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Hobby Lobby family wants to bring “literal reading of the Bible” to public schools

Posted by on Jun. 17, 2014 at 12:32 PM
  • 138 Replies

 

Hobby Lobby family wants to bring “literal reading of the Bible” to public schools

The family at the center of the high-stakes SCOTUS case is stirring controversy with other projects

Hobby Lobby family wants to bring "literal reading of the Bible" to public schools (Credit: AP/Tony Gutierrez)

The Supreme Court could issue its opinion in Sebelius v. Hobby Lobby any day now, and Politico on Monday took a close look at the corporation — and the family — at the center of the high-stakes case. That David Green and his family are devout and literal-minded Christians has been well established in their public statements and court briefs, but there seems to be some disagreement among religious scholars about the tone and intent of some of the projects the family has taken on recently — including a museum of the Bible and a biblical curriculum the family is hoping will be taught in public schools.

The questions about those projects in some ways mirror the questions at the heart of the case before the high court: Does the Green family want to practice its faith quietly, as their lawyers have argued in court? Or do they want to impose their faith on others, pushing their Christian worldview on its employees at Hobby Lobby and — if they prevail at the Supreme Court — empowering other companies to do the same?

From Stephanie Simon at Politico:

The plans that have been made public so far — including the high school curriculum — seem aimed at portraying scripture as historically accurate and an unequivocal force for good, said John Kutsko, executive director of the international Society of Biblical Literature, the oldest and largest organization dedicated to Biblical scholarship.

That approach fails to incorporate the latest scholarship, acknowledge that the Bible has also played a role as a tool of oppression or recognize different religious viewpoints, Kutsko said.

“It’s a simple, superficial, literal reading of the Bible,” Kutsko said.

In his view, that’s inappropriate both in a public high school and in a private museum that “by virtue of being adjacent to the Mall gives the impression that it’s almost a national museum,” he said.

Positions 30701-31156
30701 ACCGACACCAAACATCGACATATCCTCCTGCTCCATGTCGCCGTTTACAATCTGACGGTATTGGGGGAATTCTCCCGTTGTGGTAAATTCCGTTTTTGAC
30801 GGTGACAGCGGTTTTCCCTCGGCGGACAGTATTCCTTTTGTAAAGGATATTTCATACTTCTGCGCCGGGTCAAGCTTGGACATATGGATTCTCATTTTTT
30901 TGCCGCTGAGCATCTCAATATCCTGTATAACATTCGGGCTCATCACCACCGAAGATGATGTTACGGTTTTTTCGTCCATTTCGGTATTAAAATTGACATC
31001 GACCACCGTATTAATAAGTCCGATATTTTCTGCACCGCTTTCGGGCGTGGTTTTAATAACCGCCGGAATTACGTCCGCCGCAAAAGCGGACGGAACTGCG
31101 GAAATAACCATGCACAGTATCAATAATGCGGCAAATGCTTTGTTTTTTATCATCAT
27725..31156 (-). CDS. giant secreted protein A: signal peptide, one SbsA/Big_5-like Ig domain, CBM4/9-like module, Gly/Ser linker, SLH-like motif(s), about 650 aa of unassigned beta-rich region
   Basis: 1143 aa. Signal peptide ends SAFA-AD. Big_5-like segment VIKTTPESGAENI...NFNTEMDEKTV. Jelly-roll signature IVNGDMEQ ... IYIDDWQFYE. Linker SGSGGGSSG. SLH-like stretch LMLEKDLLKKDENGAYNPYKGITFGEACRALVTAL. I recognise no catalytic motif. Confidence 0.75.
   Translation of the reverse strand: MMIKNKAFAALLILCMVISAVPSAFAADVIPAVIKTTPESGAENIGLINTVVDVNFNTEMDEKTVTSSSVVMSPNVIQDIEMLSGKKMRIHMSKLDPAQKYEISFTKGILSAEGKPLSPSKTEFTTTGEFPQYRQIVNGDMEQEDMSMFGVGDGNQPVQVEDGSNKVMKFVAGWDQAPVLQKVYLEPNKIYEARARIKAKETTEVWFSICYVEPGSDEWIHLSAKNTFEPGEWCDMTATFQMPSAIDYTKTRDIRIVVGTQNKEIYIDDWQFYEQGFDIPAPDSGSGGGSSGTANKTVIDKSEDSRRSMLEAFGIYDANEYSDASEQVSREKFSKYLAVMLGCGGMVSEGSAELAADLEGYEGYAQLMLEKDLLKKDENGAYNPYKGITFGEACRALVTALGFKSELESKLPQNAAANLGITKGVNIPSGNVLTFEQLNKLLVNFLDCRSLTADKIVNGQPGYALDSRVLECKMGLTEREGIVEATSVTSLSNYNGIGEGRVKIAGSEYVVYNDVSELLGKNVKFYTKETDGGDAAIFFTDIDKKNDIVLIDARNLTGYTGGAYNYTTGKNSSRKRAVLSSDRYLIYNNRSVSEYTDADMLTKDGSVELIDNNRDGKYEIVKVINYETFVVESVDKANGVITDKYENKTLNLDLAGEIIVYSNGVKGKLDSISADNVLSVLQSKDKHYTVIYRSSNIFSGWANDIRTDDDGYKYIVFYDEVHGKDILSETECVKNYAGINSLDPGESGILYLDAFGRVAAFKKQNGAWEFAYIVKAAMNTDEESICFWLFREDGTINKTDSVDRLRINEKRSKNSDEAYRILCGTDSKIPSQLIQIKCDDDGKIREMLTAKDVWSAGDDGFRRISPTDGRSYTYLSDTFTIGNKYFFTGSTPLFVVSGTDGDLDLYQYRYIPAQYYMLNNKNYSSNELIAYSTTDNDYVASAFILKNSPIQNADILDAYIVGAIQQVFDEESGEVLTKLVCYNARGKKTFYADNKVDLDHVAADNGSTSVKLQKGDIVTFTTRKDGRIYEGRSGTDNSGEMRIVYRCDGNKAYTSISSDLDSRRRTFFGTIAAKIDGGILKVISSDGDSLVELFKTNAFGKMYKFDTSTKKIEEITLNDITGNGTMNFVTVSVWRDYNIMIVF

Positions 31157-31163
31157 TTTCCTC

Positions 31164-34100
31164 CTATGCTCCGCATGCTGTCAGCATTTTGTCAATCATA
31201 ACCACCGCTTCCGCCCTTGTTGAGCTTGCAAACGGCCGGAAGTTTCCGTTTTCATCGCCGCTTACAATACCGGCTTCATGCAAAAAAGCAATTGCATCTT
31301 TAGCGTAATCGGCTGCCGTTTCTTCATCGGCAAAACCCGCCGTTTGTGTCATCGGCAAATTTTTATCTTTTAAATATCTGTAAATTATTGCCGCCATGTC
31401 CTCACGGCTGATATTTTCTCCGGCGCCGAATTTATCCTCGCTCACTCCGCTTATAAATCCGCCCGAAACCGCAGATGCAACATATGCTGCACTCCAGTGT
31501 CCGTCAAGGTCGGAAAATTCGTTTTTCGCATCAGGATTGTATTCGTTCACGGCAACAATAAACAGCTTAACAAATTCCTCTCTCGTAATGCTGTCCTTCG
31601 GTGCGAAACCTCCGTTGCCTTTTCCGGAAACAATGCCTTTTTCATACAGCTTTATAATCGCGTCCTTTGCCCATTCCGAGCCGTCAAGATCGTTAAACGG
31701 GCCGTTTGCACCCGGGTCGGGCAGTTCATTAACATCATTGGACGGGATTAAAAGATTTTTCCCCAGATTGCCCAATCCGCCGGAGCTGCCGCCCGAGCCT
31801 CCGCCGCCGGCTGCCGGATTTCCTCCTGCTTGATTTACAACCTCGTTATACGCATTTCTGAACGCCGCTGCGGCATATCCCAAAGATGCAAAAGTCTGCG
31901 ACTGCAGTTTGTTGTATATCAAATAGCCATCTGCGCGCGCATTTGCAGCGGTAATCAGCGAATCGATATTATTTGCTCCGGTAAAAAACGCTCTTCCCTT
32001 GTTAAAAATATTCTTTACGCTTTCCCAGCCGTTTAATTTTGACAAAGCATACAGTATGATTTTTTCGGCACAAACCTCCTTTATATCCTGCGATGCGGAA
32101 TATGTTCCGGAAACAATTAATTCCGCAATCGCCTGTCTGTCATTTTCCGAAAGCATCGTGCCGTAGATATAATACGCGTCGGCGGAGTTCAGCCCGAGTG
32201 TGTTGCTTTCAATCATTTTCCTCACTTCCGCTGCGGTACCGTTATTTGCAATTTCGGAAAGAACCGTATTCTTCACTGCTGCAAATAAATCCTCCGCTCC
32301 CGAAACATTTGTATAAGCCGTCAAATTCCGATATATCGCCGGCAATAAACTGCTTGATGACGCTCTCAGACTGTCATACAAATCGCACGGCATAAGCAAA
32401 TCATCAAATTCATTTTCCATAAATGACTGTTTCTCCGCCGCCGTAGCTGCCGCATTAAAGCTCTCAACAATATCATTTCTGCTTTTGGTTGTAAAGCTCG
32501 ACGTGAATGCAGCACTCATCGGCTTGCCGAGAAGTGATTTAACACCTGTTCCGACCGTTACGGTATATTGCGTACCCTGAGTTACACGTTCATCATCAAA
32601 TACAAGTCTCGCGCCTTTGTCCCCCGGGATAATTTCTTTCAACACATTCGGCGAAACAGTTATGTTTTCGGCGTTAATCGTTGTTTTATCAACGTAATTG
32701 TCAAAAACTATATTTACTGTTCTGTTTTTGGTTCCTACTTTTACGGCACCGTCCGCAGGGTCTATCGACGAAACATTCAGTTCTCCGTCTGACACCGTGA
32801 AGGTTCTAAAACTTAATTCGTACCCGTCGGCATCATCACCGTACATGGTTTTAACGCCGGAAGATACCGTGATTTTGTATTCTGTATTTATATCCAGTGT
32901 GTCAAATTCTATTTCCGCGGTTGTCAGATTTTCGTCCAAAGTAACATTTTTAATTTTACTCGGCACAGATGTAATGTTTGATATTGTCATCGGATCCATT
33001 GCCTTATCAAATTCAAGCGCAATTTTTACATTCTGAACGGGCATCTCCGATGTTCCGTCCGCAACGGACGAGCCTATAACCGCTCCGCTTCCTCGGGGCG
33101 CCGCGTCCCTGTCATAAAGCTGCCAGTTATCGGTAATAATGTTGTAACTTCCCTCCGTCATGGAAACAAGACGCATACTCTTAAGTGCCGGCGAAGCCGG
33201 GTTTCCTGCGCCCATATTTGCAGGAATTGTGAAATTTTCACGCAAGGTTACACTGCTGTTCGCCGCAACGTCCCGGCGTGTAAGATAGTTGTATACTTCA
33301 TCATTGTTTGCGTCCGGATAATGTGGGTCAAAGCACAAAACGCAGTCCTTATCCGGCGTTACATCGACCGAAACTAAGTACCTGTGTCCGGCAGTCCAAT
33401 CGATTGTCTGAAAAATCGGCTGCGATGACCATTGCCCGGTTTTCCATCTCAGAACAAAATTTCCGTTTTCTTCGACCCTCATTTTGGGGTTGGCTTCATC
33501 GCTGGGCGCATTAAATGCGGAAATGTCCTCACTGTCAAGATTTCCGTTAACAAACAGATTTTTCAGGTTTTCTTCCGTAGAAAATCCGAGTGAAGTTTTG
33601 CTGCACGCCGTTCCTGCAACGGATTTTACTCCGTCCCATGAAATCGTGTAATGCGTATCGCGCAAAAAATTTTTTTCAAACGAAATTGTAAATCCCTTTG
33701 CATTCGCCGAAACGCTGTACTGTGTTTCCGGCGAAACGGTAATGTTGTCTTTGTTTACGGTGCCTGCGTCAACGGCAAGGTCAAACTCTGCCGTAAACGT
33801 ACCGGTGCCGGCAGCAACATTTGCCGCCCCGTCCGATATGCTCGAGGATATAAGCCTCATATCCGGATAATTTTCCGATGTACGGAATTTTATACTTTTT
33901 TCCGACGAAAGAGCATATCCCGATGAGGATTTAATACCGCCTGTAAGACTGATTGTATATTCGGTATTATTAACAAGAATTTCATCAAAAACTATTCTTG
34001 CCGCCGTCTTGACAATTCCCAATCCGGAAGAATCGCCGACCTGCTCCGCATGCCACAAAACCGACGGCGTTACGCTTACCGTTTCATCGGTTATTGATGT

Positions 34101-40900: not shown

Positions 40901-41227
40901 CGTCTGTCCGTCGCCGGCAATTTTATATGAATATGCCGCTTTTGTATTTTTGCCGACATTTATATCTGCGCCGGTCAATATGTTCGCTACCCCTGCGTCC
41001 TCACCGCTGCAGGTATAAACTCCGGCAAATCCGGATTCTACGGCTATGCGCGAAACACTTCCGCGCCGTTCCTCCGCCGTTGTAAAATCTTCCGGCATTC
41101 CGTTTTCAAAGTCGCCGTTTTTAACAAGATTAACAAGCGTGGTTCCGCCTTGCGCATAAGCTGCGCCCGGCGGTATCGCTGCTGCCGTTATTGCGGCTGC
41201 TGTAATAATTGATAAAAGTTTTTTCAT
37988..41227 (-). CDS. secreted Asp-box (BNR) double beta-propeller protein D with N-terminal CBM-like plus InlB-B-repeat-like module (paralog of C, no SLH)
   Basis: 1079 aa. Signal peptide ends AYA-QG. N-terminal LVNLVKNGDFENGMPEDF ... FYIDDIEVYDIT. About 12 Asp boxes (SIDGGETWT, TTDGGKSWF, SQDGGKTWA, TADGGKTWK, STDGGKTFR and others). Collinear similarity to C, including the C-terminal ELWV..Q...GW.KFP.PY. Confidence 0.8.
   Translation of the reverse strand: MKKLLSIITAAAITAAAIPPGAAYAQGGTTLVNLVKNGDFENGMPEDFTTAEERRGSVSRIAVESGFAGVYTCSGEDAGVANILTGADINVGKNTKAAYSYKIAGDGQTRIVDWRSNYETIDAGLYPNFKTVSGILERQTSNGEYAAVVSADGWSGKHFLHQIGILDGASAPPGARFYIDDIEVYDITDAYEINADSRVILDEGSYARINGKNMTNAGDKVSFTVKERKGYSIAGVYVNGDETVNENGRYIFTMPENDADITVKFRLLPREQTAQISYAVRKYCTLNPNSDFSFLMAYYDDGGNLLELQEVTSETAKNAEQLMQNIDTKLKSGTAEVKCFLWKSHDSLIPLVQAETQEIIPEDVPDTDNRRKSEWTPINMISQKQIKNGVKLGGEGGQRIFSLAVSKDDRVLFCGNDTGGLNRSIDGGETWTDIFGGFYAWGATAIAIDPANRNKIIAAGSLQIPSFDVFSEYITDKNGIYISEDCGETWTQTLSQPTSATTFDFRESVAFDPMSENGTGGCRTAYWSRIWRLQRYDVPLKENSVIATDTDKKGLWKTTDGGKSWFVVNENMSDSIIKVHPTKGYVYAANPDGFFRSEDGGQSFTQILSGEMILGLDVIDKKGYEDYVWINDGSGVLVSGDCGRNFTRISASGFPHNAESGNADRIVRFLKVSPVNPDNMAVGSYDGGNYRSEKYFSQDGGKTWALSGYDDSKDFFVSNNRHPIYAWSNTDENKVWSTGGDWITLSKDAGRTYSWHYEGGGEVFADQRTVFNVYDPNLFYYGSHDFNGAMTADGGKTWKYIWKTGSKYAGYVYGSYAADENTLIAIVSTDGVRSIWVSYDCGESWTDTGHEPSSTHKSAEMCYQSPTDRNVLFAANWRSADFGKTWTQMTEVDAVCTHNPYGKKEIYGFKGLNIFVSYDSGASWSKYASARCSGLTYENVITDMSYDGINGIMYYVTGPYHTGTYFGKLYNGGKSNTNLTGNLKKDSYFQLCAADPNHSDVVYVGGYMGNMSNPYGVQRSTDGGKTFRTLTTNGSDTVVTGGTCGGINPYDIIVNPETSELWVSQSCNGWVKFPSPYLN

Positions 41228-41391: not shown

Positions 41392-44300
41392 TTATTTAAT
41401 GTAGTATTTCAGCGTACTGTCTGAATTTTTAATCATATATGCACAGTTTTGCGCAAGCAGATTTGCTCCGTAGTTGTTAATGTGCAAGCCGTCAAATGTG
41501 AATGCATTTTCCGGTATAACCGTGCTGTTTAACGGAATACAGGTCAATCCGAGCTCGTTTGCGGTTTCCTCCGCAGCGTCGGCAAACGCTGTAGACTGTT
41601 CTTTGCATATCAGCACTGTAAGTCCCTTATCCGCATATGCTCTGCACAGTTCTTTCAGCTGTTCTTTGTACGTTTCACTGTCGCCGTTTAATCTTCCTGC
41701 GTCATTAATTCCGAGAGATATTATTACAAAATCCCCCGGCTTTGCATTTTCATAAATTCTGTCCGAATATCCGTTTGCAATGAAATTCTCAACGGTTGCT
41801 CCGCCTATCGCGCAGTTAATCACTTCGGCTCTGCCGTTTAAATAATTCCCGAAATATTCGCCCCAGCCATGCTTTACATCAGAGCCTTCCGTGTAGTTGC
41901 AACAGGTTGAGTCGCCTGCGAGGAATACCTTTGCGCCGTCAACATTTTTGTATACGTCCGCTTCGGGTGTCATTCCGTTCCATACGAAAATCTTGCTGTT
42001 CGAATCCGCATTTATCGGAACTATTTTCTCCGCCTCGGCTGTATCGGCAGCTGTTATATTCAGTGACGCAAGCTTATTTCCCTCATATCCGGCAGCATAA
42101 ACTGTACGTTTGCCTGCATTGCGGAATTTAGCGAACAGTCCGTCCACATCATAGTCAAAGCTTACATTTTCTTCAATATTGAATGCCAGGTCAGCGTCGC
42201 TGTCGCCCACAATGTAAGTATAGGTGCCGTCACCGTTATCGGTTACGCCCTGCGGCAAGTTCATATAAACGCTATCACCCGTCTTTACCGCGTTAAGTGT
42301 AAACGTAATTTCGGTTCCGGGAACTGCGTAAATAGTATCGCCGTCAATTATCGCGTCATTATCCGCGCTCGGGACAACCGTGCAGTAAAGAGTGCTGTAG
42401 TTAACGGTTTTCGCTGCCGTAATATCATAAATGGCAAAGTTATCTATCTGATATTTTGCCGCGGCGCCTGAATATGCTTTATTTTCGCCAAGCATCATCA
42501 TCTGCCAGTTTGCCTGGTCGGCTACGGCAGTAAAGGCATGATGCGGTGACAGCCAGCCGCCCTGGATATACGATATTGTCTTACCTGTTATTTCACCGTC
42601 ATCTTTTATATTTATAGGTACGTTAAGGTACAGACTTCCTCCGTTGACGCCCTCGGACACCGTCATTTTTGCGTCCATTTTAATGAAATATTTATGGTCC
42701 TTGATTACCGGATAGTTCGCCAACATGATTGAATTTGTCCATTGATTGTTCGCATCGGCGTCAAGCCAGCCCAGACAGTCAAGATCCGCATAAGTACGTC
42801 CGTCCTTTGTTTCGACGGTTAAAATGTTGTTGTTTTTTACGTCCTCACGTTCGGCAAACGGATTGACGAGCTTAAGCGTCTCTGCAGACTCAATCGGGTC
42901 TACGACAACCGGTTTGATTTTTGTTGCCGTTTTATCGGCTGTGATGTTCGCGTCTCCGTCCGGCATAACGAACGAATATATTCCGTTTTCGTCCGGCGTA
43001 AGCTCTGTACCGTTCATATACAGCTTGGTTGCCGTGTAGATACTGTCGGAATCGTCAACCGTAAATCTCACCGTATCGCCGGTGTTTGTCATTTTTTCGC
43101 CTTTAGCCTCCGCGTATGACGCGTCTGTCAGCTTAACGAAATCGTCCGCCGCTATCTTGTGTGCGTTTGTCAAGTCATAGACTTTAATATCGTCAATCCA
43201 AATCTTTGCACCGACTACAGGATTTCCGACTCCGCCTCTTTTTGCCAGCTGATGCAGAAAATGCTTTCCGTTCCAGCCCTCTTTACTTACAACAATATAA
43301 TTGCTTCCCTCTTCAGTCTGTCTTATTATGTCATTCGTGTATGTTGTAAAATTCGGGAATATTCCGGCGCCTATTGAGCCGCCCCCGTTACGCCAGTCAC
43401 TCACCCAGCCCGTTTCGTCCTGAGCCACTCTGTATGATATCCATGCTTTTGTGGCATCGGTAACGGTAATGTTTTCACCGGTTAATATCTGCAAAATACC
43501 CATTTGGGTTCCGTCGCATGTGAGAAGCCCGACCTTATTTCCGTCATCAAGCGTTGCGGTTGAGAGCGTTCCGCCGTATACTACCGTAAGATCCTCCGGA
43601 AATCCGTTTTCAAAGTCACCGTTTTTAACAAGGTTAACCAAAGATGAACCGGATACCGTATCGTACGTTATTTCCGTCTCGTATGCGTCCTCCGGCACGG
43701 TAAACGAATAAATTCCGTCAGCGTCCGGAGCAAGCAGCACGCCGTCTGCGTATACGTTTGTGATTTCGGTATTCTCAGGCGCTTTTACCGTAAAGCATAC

Plans for the museum have been similarly criticized as being about proselytizing and not historical accuracy or scholarly education:

The original mission statement for the Museum of the Bible Inc. — the foundation leading work on both the museum and the curriculum — said the project aimed “to inspire confidence in the absolute authority and reliability of the Bible.”

But some involved in the project have pushed back on that characterization:


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But if the goal of the museum were evangelizing, “I can assure you, I would not be involved,” said Harry Stout, a professor at Yale Divinity School who has consulted on the museum. “They’re really interested in getting it right.”

Stout sees one motive above all in the family’s work. The Greens, he said, “are really smitten with the Bible.”

Read the rest here.

by on Jun. 17, 2014 at 12:32 PM
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FromAtoZ
by AllieCat on Jun. 17, 2014 at 12:37 PM
2 moms liked this

Yeah, try getting that in the schools.  I would pull my kiddo in a heartbeat.

These people are over the top, extreme and well, they have that right.  Keep it in your family and have fun with that.

Try to push it on others, by way of the schools, you are proving you are a hypocrite.

As for the museum, meh............

lovemyguys
by Bronze Member on Jun. 17, 2014 at 1:03 PM
4 moms liked this

I don't get this issue. It's their family, they can believe what they want. It's their money, they can fund what they want. It's their company, they can run it the way they want. What is the issue?

VooDooB
by Platinum Member on Jun. 17, 2014 at 1:21 PM
1 mom liked this

Read the rest here.  

That takes you to politico, which is a completely different article then the one you posted. Your OP is a Salon Opinion piece. Weird how they did that.

 http://www.salon.com/2014/06/16/hobby_lobby_family_wants_to_bring_literal_reading_of_the_bible_to_public_schools/

VooDooB
by Platinum Member on Jun. 17, 2014 at 1:22 PM
1 mom liked this

Hobby Lobby aims for Obamacare win, Christian nation

Hobby Lobby is pictured. | AP Photo

The Hobby Lobby founders' mission is far bigger than a single court case. | AP Photo

The evangelical owners of Hobby Lobby made a fortune selling crafts supplies and made headlines fighting government-mandated birth control coverage. They’re also using their billions to sell the American public on the literal truth of Scripture — through a public school Bible curriculum, a huge museum around the corner from the Smithsonian and public forums on the faith of the Founding Fathers.

The Green family may be best known in secular circles for their lawsuit against Obamacare, a high-stakes — and highly political — case that could undercut the administration’s goal of setting minimum standards for health care coverage. By the end of this month, the Supreme Court will decide if the federal government can force the Greens to include methods of contraception they deem sinful as part of employees’ health insurance.

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The pending Hobby Lobby ruling has thrust the Greens into the national spotlight, but the family’s mission is far bigger than a single court case. The Greens are spending hundreds of millions on a quiet but audacious bid to teach a wayward nation to trust, cherish — and heed — the Bible.